In other cases. I've known people who eventually legitimized leadership thanks to influencers in their leadership lives. Others needed more time to accept leadership as a concept. In many cases that's been the result of the leaders who have led them in their careers. In some cases, it's immaturity, reluctance, or resistance. Perhaps readers whom this passage speaks to can respond to this blog and share their journey in the interest of informing others.


Allow your personal philosophy and proclivities to guide you. Go where you belong. The truth is, you actually don't have a choice. Anything other than you being you will become evident. While imperfection is commonly thought of as a blemish, in the leadership world it's seen as a sign of vulnerability and a sought-after trait that humanizes leaders. Leadership guru and organizational behavior theorist Edgar Schein has written extensively about the humble leadership paradigm and the importance of humility in the leadership domain.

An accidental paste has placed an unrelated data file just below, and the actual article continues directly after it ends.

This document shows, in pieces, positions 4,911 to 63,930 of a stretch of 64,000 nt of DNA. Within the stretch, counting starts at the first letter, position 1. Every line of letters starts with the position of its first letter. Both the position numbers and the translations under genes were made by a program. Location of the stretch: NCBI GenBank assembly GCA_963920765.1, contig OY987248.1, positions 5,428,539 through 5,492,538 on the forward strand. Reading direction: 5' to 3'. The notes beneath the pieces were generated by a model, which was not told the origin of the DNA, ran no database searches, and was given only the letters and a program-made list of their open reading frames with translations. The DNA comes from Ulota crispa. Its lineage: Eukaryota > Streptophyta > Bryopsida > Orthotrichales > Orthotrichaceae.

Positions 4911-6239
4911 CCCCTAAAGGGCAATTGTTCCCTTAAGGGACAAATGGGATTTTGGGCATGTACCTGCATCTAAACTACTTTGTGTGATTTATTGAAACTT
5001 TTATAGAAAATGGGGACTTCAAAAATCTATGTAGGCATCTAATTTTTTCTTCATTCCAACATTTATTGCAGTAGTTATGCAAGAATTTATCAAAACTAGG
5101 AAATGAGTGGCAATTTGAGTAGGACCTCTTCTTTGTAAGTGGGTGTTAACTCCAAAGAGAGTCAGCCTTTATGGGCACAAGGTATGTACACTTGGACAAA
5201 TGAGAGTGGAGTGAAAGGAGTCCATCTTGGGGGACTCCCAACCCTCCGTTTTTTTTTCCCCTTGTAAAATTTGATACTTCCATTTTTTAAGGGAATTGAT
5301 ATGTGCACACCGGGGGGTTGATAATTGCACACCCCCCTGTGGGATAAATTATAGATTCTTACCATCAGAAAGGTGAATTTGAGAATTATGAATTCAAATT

According to Schein, humble leaders don't shy away from human connection in the workplace but instead see it as an opportunity for growth and success. To be imperfect is to be vulnerable. To be vulnerable is to be humble. It's a birthright for those of us blessed to lead.